I highly recommend this!
on April 7, 2001
I remember seeing this movie when it came out with a friend, who had to say that "the natives all had perfect teeth." If you're looking for a documentary, then this film is going to disappoint you. However, if you're looking for a beautiful, haunting film, one that will stay with you for a very long time, then this is a film for you. There are a number of themes at work here, everything from the destruction of the rain forest to the white man's influence on "primitive" tribes to a man's search for his son to a couple of swipes at Werner Herzog. The visuals are dazzling, your television never looked so good or so green. Rather than the botched widescreen version of Excaliber, the widescreen version of this film does true justice to the movie. The widescreen does allow you to see more and does take your breath away. While not all of it works (the end at the dam scene just doesn't fit the rest of the picture), enough of it does to leave the viewer wanting much more. The acting is very good but it's the vistas that the viewer will remember. Ok, now, Fox, time for the same treatment to Zardoz! Five stars out of five.
on July 26, 2005
I originally saw this on VHS and later purchased it on DVD because I love the story. The DVD ad said it had subtitles, which is important since about half of the movie is in a South American language. What a disappointment when I got my DVD and the subtitles were in French, German...but not English! What a rip-off!!
five stars for the movie, one star for subtitle misinformation.
on January 12, 2011
In his long career as director that spans more than 40 years, John Boorman has made films that are not many in number, but cover a wide variety of topics. Just watch the list of his films and you know what I mean - "Point Blank" "Deliverance" "Excalibur" "The General" and ... well ..."Exorcist II: The Heretic." And don't forget the 1974 sci-fi cult film "Zardoz" starring Sean Connery and Charlotte Rampling. "The Emerald Forest" is probably one of his better works, if not his best. The film's message about the vanishing rainforest is still resonant, though it is undermined by the uneven narrative.
The storyline itself is simple. Tommy, a young son of an American dam engineer Bill Markham (Powers Booth), is abducted by a rainforest tribe in Brazil. While Bill tries to find the clues as to the whereabouts of the tribe (known as the "Invisible People"), ten years pass by, turning the missing son into a warrior - now Tomme (played by Charlie Boorman) - fighting to protect his love and land.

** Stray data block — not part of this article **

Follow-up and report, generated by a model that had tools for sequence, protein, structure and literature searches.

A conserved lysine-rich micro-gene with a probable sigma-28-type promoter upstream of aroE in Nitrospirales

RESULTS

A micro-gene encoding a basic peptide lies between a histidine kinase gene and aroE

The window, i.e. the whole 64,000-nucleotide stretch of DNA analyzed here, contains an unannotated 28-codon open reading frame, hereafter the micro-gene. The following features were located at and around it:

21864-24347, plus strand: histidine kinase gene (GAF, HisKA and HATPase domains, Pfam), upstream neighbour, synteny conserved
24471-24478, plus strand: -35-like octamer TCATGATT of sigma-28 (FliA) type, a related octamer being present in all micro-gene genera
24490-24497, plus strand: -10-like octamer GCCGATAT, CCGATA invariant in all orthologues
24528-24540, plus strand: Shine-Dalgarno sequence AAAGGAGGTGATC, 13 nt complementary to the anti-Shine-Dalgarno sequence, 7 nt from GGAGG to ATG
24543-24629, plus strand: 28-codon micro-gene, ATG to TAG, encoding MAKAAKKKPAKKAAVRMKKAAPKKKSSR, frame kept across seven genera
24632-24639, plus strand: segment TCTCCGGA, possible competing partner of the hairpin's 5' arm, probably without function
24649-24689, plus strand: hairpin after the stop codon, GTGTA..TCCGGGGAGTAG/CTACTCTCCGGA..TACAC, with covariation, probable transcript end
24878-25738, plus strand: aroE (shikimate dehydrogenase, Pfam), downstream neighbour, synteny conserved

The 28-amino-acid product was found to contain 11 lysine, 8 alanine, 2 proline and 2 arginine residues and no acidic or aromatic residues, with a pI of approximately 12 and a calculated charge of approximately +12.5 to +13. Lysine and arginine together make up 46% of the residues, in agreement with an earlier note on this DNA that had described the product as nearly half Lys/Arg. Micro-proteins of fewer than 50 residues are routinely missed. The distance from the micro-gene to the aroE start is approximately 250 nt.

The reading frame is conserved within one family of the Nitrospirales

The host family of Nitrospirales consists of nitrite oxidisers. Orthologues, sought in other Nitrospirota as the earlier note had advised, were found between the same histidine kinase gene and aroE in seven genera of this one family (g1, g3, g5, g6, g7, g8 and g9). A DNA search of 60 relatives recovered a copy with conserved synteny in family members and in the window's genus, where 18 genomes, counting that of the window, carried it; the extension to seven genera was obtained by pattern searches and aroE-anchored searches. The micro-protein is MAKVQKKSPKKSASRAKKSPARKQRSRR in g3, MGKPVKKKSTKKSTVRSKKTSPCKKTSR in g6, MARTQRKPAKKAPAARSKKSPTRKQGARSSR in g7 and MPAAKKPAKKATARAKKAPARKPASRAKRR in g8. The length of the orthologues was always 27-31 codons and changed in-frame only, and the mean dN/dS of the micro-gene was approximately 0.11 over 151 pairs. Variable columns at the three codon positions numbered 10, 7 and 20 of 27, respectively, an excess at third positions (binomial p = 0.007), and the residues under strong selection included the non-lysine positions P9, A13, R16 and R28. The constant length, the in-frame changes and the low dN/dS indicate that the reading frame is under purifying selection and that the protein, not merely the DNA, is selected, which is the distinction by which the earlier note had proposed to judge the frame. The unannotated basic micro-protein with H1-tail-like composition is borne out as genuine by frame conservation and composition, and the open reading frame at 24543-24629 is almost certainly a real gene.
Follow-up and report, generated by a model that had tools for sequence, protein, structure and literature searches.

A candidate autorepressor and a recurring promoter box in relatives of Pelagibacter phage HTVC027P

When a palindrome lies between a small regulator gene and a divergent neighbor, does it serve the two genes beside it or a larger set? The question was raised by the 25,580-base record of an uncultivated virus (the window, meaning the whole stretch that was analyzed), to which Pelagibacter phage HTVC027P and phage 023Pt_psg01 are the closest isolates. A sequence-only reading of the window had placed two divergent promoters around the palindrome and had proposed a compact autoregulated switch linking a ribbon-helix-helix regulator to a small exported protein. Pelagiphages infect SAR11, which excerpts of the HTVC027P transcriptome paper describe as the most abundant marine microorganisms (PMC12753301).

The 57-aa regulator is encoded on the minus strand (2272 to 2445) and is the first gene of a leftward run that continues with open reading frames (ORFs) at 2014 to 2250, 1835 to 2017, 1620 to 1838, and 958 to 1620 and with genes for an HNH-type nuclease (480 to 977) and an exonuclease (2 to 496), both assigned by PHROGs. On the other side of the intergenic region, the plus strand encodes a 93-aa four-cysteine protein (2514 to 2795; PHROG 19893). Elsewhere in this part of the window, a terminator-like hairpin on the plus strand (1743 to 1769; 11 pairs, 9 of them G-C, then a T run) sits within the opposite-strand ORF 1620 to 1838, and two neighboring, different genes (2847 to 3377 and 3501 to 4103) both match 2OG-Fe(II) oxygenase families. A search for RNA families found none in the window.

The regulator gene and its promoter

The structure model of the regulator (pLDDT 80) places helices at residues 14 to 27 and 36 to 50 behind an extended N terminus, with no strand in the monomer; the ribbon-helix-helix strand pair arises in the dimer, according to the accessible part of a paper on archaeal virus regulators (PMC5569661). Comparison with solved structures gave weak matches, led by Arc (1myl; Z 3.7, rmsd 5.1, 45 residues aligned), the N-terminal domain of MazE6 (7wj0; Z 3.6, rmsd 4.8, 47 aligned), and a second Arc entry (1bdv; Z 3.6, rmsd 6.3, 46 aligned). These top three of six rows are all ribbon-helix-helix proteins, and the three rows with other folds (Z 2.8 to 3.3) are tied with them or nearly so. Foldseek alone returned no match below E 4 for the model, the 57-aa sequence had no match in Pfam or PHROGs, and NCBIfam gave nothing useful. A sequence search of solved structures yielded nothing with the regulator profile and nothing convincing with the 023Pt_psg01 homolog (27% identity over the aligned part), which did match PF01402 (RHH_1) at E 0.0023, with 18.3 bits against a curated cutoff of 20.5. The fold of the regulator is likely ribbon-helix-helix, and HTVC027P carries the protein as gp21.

Visuals of the rain forests are gorgeous, capturing the charms and dangers of the place. Also, the film's actions (including gun fights) are not bad. Strong acting from Charlie Boorman (director's son) is also memorable, but characters' conflicting emotions are not fully explored, often overshadowed by the struggles and battles between two opposing forces. (Strangely, the boy's mother played by Meg Foster has little to do in the story.) The director seems more interested in the adventures of the two males than in the father-and-son relationship, where the film originally started.
The end result is not bad, though. This is a very entertaining film with an important message, although the message itself is a bit too obvious for viewers.
on January 25, 2005
It was heartening to read so many glowing reviews of EF, and see how many people consider it a "favorite" film. It has been a favorite of mine for many years. It is one of the very best films I know of in the "action/adventure" genre, yet transcends that genre with political smarts and vivid subplots. This kind of story used to be featured in magazines like ARGOSY when I was a kid, but on a much pulpier level.One plotline all the other reviewers seem to have missed is the discovery of the prostition ring by the Powers Boothe character late in the film.There is one brief scene in this film which remains my favorite ten or so seconds of film of all time. It sends shivers up my spine every time I see it: the viewer is suddenly transported high up in the air, flying right alongside some eagle-like bird, on some relentless dreamlike mission conjured up by the rainforest tribe and their rituals. Worth waiting for, even if the movie leaves you cold / A GREAT film, from one of the greatest living directors.
on May 11, 2016
This 1985 movie is hugely important 20 years later in terms of its commentary on "Modernity" and modernity's increasing damage to our environment, scientifically called, "The Biosphere". Those primitives who live "Respecting Mother Earth" as opposed to "Ripping the skin off of the World, know what "The modern world has forgotten", that the Industrial Age and Technological Age have produced both great good and increasing damage to our world. Even through this movie won no "Oscars" it is far more important than most Oscar-winning movies, except perhaps for Dances With Wolves. Tommy's father, realizing the damage to the natural world that the dam he himself built, blows it up so that his son, who lives in the Amazon Rainforest, can have a future with his wife and his descendants. It is very clear, two decades after this film came out that we must switch to renewable energy sources. The burning of fossil fuels is re-releasing the huge amounts of Carbon Dioxide first released from ancient volcanos 400 million years ago. That Carbon Dioxide raised the Earth's surface temperature to 130-140 degrees Fahrenheit, ushering in the age of the giant reptiles. Burning fossil fuels is re-releasing that Carbon Dioxide and we are going to again experience surface temperatures of 130-140 degrees Fahrenheit, obliterating modern civilization. Nature will not tolerate our abuse of it and will respond in very impersonal ways, which we are already experiencing as giant forest fires, increased desertification, rising seas, etc. This is a "Must See" movie for everybody.